Multisensory integration in cortical regions responding to locomotion‐related visual and somatomotor signals

Sara Di Marco, Valentina Sulpizio, Martina Bellagamba, Patrizia Fattori, Gaspare Galati, Claudio Galletti, Markus Lappe, Teresa Maltempo, Sabrina Pitzalis

Research output: Contribution to journalArticlepeer-review


During real-world locomotion, in order to be able to move along a path or avoid an obstacle, continuous changes in self-motion direction (i.e. heading) are needed. Control of heading changes during locomotion requires the integration of multiple signals (i.e., visual, somatomotor, vestibular). Recent fMRI studies have shown that both somatomotor areas (human PEc [hPEc], human PE [hPE], primary somatosensory cortex [S-I]) and egomotion visual regions (cingulate sulcus visual area [CSv], posterior cingulate area [pCi], posterior insular cortex [PIC]) respond to either leg movements and egomotion-compatible visual stimulations, suggesting a role in the analysis of both visual attributes of egomotion and somatomotor signals with the aim of guiding locomotion. However, whether these regions are able to integrate egomotion-related visual signals with somatomotor inputs coming from leg movements during heading changes remains an open question. Here we used a combined approach of individual functional localizers and task-evoked activity by fMRI. In thirty subjects we first localized three egomotion areas (CSv, pCi, PIC) and three somatomotor regions (S-I, hPE, hPEc). Then, we tested their responses in a multisensory integration experiment combining visual and somatomotor signals relevant to locomotion in congruent or incongruent trials. We used an fMR-adaptation paradigm to explore the sensitivity to the repeated presentation of these bimodal stimuli in the six regions of interest. Results revealed that hPE, S-I and CSv showed an adaptation effect regardless of congruency, while PIC, pCi and hPEc showed sensitivity to congruency. PIC exhibited a preference for congruent trials compared to incongruent trials. Areas pCi and hPEc exhibited an adaptation effect only for congruent and incongruent trials, respectively. PIC, pCi and hPEc sensitivity to the congruency relationship between visual (locomotion-compatible) cues and (leg-related) somatomotor inputs suggests that these regions are involved in multisensory integration processes, likely in order to guide/adjust leg movements during heading changes.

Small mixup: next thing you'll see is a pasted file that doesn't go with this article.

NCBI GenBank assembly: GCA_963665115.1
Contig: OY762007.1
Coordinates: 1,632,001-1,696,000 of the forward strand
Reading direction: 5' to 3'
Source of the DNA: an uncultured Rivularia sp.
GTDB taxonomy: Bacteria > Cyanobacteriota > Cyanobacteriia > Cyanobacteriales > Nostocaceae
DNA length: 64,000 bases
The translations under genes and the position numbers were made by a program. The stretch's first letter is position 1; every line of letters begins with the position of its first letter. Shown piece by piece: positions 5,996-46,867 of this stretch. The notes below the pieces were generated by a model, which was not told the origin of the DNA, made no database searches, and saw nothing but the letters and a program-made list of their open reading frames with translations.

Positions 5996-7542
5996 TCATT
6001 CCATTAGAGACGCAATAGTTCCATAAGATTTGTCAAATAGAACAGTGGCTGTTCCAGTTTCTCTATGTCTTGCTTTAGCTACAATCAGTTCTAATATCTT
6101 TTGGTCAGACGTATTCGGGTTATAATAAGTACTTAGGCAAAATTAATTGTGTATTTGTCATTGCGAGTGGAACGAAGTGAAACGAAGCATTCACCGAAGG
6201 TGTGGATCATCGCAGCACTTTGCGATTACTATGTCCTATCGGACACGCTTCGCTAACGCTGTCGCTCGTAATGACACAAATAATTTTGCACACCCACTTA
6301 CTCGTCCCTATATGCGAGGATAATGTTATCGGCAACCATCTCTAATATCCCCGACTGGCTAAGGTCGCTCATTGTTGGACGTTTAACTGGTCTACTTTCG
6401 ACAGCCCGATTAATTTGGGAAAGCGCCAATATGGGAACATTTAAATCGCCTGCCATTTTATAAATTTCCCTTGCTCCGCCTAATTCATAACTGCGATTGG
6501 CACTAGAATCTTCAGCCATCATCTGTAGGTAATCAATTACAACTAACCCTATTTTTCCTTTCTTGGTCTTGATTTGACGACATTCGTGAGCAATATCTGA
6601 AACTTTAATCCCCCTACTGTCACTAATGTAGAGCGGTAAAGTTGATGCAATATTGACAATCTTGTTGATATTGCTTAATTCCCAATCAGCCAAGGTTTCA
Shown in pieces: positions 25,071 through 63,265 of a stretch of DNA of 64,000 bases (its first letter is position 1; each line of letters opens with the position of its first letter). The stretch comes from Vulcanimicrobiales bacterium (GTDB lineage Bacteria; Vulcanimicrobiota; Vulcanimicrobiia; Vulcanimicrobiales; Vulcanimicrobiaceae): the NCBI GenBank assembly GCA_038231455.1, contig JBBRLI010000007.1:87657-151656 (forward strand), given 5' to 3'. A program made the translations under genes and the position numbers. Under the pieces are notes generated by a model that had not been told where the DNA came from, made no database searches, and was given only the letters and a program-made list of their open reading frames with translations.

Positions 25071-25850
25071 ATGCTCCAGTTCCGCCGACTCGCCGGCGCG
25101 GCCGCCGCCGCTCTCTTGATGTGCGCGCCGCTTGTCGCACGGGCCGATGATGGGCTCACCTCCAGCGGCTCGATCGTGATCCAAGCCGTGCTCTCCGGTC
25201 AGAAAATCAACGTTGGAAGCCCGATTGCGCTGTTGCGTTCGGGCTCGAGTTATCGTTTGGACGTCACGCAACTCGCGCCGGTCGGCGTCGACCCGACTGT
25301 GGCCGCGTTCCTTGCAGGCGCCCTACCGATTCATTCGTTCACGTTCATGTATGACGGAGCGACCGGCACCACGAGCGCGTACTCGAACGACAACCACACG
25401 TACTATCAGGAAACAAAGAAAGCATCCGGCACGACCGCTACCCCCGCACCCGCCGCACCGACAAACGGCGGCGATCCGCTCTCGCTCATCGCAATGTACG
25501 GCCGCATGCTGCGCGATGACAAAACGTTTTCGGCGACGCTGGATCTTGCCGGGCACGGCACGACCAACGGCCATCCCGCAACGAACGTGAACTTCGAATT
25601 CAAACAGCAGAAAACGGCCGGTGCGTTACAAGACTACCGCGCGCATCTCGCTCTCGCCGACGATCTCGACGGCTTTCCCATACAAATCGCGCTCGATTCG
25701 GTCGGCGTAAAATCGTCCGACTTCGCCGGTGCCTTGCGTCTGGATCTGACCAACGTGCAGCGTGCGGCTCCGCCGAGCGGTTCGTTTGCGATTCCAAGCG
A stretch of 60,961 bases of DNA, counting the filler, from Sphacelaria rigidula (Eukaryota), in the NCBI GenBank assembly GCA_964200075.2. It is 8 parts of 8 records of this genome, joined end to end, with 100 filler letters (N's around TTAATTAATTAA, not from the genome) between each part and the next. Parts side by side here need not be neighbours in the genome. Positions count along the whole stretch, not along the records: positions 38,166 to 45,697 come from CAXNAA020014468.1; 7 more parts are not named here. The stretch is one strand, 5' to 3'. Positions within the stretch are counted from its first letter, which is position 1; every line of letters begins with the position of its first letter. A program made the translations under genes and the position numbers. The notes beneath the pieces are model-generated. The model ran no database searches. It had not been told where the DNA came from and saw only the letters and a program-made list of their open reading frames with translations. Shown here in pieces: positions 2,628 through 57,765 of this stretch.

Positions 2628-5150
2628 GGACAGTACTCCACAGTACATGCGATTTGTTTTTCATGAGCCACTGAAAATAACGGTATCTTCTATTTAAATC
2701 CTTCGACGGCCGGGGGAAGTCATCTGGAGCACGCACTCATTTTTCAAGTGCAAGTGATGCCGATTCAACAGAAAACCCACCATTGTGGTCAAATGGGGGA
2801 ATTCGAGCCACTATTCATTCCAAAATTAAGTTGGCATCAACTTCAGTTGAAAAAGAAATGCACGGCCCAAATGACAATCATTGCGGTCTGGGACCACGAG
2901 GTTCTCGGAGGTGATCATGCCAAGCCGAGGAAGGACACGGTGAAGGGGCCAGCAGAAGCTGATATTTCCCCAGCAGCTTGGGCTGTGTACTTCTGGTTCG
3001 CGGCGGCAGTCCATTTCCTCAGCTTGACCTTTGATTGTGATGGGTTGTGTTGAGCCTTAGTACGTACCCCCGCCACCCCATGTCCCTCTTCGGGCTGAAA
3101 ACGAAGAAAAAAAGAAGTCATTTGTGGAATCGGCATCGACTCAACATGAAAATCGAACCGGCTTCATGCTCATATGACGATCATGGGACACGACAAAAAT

Original languageEnglish
Article number118581
Publication statusPublished - Dec 1 2021


  • Egomotion
  • fMR-adaptation paradigm
  • Footstep
  • Heading changes
  • Leg movements
  • Optic flow

ASJC Scopus subject areas

  • Neurology
  • Cognitive Neuroscience


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